2000's, Andrea Bowen, Brenda Strong, Dana Delany, Desperate Housewives, Desperate Housewives Season 4, Doug Savant, Eva Longoria, Felicity Huffman, James Denton, John Slattery, Kyle MacLachlan, Lyndsy Fonseca, Marcia Cross, Nathan Fillion, Nicollette Sheridan, Ricardo Antonio Chavira, Teri Hatcher
It may be shorter than past seasons, mainly due to the Writer’s Strike at the time, but Season 4 of Desperate Housewives is a treat of wit, drama and underlying mystery that is delicious from the get go. Spoilers will be following in this review.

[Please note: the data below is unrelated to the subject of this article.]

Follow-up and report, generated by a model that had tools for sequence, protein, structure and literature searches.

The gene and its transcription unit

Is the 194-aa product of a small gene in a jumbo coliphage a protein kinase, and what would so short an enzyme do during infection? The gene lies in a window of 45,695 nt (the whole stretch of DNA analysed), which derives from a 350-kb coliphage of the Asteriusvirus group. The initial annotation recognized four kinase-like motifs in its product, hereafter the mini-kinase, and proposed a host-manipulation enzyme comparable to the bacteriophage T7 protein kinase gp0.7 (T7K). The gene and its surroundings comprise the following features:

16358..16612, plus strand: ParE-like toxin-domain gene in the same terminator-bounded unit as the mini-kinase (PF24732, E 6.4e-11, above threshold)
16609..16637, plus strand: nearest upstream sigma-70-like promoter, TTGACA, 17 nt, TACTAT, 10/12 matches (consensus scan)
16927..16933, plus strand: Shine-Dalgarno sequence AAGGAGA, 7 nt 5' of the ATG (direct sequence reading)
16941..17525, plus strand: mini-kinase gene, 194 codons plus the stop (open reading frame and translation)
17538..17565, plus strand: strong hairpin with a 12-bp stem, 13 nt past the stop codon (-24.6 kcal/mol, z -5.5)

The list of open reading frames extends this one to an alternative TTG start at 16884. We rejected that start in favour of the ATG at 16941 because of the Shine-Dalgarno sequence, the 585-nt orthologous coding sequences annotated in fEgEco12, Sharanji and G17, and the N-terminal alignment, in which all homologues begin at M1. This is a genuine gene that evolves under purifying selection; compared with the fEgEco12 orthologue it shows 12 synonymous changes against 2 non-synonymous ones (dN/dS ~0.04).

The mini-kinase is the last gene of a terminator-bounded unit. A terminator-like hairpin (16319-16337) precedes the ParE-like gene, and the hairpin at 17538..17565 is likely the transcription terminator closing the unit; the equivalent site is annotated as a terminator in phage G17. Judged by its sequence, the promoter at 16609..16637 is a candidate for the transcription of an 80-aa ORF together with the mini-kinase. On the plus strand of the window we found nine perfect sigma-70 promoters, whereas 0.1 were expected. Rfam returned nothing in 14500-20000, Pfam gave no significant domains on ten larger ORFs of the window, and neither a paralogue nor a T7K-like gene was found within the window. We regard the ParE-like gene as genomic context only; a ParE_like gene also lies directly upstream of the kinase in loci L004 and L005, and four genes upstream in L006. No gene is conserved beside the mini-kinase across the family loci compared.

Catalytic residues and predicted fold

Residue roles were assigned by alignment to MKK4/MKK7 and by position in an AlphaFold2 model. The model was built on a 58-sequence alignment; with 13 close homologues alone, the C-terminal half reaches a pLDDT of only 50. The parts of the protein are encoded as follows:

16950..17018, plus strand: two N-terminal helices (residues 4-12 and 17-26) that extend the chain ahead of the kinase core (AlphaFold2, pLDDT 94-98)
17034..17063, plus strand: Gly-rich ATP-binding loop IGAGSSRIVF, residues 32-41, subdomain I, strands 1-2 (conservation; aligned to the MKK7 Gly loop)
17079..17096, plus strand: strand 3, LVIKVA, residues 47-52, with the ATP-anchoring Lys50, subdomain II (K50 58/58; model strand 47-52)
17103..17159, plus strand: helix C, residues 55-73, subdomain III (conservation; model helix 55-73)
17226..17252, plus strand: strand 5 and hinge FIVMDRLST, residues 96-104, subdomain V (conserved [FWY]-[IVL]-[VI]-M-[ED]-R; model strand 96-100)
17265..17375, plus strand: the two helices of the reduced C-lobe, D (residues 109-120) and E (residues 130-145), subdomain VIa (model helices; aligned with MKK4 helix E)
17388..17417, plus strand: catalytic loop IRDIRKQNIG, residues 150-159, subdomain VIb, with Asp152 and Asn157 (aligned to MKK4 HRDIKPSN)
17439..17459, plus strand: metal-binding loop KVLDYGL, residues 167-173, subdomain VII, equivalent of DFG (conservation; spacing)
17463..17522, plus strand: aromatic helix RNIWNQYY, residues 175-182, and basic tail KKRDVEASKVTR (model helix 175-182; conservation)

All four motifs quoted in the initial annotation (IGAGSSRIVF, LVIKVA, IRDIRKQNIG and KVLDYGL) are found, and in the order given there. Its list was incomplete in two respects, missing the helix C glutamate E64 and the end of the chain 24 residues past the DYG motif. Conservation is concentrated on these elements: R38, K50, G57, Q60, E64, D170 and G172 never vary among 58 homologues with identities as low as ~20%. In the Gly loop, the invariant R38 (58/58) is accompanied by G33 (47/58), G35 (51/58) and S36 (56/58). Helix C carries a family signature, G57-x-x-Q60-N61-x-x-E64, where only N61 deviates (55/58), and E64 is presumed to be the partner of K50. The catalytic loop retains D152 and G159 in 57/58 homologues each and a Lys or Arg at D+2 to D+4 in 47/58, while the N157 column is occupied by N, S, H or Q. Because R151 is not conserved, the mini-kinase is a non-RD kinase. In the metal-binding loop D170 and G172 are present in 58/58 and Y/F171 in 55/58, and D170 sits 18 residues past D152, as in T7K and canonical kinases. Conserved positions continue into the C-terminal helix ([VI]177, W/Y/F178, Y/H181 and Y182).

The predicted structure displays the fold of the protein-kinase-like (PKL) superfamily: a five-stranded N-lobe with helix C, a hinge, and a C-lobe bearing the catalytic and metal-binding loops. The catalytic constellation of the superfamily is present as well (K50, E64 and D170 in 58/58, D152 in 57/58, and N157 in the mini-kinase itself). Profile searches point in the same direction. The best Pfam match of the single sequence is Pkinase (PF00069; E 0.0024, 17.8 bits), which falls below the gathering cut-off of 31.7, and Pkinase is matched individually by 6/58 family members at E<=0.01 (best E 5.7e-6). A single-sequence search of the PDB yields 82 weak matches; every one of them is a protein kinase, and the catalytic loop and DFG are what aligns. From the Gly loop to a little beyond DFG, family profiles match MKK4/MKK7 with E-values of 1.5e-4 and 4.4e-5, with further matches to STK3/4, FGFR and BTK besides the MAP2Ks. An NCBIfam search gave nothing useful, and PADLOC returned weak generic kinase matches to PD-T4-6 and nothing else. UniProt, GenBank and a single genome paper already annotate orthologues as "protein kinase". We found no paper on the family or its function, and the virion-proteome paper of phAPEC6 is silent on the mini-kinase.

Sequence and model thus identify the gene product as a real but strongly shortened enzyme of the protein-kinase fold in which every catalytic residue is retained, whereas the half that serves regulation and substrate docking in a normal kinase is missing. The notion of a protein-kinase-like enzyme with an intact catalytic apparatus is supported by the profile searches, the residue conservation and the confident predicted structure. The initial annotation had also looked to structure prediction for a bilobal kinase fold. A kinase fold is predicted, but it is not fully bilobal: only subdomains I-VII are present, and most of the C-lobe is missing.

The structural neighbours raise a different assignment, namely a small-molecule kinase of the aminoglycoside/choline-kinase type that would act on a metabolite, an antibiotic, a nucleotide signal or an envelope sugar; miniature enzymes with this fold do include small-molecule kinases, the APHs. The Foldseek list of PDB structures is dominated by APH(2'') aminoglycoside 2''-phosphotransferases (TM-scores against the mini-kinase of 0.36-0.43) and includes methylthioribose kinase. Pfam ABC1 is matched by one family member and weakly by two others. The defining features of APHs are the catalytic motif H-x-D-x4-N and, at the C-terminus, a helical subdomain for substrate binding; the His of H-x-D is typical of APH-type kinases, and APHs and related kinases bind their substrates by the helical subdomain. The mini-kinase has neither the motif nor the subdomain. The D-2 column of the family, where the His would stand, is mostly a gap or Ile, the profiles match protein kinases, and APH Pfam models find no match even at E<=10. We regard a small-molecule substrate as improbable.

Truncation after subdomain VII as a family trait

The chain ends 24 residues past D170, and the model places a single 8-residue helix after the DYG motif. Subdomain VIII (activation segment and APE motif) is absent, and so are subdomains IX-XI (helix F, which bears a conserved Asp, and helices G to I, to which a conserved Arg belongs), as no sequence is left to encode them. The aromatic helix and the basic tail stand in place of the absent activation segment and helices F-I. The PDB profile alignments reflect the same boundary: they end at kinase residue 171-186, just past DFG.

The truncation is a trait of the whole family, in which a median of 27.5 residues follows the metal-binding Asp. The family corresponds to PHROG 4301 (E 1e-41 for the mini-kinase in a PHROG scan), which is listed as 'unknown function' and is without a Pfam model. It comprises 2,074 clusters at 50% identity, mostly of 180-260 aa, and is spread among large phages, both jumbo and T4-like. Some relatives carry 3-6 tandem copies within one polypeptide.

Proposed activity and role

Following on from the Season 3 finale, we’re back in full swing with the dramas and dilemmas of Wisteria Lane as narrated by Mary Alice(Brenda Strong). Edie(Nicollette Sheridan), having been dumped by Carlos(Ricardo Antonio Chavira), faked a suicide attempt to keep him with her. Sinking her claws into him, she blackmails him into staying with her because if he doesn’t she will inform the authorities of his off shore bank account. Carlos on the other hand is conducting an affair with ex-wife Gabrielle(Eva Longoria), who realised that she still loved him and that her new husband Mayor Victor Lang (John Slattery) is just using her to make his image look good. Although they are planning to run away together to rekindle their relationship, manipulative Edie has thrown a spanner in the works with her scheming plan to keep Carlos all for herself. There’s also the fact that the very influential Victor hints that if he ever caught Gabrielle cheating, the person who she conducted the affair with would ominously disappear. Lynette(Felicity Huffman) is having treatment for her cancer, but has kept it secret from her friends for fear of pity and is managing to reconnect with husband Tom(Doug Savant) again. Yet seeing that there is only so much longer she can lie, she reveals it to them and they rally to support her in this difficult time. Thankfully, Lynette manages to beat her cancer, but still has to deal with her troublesome mother and adopted daughter Kayla creating animosity with her twisted little ways. Bree(Marcia Cross) is faking a pregnancy so that the neighbours won’t be suspicious, as her teenage daughter Danielle is at a convent having discovered her pregnancy. Bree, along with her husband Orson(Kyle MacLachlan) begins to find it harder and harder to lie about the pregnancy and keep it a secret. When the baby is born, there are complications for Bree as she starts to consider whether pretending to carry the baby was really a good idea or not/ Bree must also contend with her marriage to Orson beginning to crumble, especially after she finds out it was him who ran Mike over at the end of Season 2. Susan(Teri Hatcher) and Mike(James Denton) are finally married after a tumultuous relationship and discover that they have a baby on the way. But Mike has developed an addiction to prescription drugs that started with his back being injured and has now grown into something more desperate. And providing the dark mystery this season is the icy new neighbour Katherine Mayfair(Dana Delany) along with her husband Adam(Nathan Fillion) and daughter Dylan(Lyndsy Fonseca). Katherine had previously lived on Wisteria Lane years before, but mysteriously left. A cold woman who rubs people up the wrong way and challenges those around her, she is guarding many secrets regarding her past that she plans on keeping under wraps. Her daughter Dylan, despite having lived on Wisteria Lane as a child, doesn’t remember anything at all about it, which arouses the suspicions of former best friend Julie(Andrea Bowen), whose convinced that there is something sinister behind it. Add to that a devastating tornado that changes everyone’s lives, and its high drama and high stakes viewing.